The ride to the hotel is pretty much a blur. We learned that a light rail line would be completed sometime. Construction started in 2001 and it’s still not completed. I can relate since I spent most of my childhood waiting for the completion of the “Big Dig” in Boston. Mahmoud also informed us his sister was getting married soon and he’s been busy planning and paying for the event. We were not sure if this would delay travel but at this point whatever.
We reached the hotel before just loosing my mind and doing a total travelers freak out. I’m not my pleasant self after 30+ hours without sleep and decent coffee. At least the sun hadn’t risen yet so it seemed like we were just getting in from the occasional night out on the town back home.
I slept well for a few hours but hunger drove me out of bed. The spread was amazing. We feasted on fresh lavash, fruit, cheese, soup and a liters of water and tea. I even managed to one more good cup of coffee before I switched to widely available tea. We wait around the courtyard hoping our man Mahmoud would come back. I sort of remember that he did mention returning around noon. We’re stuck inside without him – or so we thought. We were unsure if walking into the unfamiliar and beyond was wise at this point. We ended up testing the waters and took a short walk about. It was kind of like staying just playing in the yard and close to the house as kids. There was very little to see and so we ended up going back to bed for a few hours. I caved.
I woke up and it was still Saturday. I almost forget where I was. I was in Shiraz – Iran. My jet lag had worn off a bit and I was ready to see and do whatever was possible in what remained of the day. At least if it wasn’t possible then the hotel courtyard would have sufficed. It seemed our hotel is a Shiraz hotspot for locals. The hotel has a tea shop/shisha lounge which attracts young couples looking for a good date spot and mingle with out-of-towners like ourselves. I can’t imagine what this place would be like if alcohol was available.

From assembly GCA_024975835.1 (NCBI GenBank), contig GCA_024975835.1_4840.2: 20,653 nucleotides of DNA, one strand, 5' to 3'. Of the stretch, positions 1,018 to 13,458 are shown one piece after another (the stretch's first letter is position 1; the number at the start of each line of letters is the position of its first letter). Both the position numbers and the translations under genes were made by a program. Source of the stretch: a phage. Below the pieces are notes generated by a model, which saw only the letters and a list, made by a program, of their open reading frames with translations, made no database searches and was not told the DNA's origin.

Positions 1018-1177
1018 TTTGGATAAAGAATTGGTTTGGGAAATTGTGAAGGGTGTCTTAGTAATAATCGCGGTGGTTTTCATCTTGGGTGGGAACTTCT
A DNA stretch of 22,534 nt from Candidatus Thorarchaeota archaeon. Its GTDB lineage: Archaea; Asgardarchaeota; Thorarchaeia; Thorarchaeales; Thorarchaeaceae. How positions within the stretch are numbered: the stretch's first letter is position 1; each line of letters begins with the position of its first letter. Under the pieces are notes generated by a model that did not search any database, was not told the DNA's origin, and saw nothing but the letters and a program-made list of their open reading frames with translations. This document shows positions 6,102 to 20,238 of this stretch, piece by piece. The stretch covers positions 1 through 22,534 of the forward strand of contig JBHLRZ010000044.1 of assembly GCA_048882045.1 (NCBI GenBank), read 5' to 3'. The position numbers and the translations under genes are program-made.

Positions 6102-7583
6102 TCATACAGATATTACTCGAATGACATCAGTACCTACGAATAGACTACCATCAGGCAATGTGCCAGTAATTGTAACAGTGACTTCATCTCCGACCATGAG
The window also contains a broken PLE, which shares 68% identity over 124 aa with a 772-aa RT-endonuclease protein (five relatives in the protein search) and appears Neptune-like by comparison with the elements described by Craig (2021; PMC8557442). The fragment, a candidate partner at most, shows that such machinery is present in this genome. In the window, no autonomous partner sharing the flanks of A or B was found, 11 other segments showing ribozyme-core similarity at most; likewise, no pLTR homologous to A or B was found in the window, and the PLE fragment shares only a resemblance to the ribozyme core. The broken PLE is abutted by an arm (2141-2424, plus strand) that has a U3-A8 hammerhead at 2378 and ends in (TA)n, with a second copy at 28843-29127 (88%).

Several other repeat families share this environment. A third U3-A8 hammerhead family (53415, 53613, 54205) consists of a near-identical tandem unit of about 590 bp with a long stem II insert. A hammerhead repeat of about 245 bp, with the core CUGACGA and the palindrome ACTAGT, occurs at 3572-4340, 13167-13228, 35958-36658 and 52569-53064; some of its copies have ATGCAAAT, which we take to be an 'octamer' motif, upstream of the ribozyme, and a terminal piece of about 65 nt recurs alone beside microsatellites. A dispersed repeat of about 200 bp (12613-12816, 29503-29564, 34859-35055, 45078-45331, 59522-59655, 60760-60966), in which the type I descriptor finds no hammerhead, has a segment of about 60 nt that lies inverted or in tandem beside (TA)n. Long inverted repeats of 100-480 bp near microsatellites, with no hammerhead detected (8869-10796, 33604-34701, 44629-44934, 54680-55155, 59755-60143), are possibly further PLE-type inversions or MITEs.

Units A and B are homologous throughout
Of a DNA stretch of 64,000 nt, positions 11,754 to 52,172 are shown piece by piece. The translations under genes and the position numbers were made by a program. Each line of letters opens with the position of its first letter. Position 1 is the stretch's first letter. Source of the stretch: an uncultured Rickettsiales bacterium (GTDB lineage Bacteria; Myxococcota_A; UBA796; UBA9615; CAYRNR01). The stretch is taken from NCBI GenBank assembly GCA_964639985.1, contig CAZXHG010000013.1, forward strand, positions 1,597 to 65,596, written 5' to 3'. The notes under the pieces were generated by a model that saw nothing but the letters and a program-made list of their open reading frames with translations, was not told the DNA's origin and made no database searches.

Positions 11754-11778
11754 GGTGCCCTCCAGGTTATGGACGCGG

The young guys here all sport gelled hair and have it styled the Rooster fashion – illegal I may add. They have nabbed one of the best jobs in town. They get paid to hang with friends, play Persian pop tunes until the early morning hours, smoke tons of Shesha, talk on their cell phones and occasionally get food and drink orders to guests. I and other guest at the hotel get served. It’s not all bad since we get the opportunity to mingle with the locals or in some cases be stared at by the locals.
After another meal, our guide Mahmoud showed up. I was off to shop for some acceptable local gear. The mall was typical except it had some moral police hanging out in the entrance way and only noticed them when we left. There was a little light left in the day so checked out some sites before the sun set. Shiraz street life on a Saturday night is something worth checking out. All the shops are in full swing as families are spending the last hours of the weekend together. It was the perfect introduction to Iran.
The club or hotel courtyard was in full swing. The benches were all occupied with groups getting intoxicated on hot tea and Shisha pipe hits, the speakers were busting out Persian Pop remixes and foil covered hot coals were being spun around for the next smoker. My head was spinning due to fatigue and over stimulation. It’s time to call it a day. All I need is a good pair of ear plugs and a somewhat comfy bed.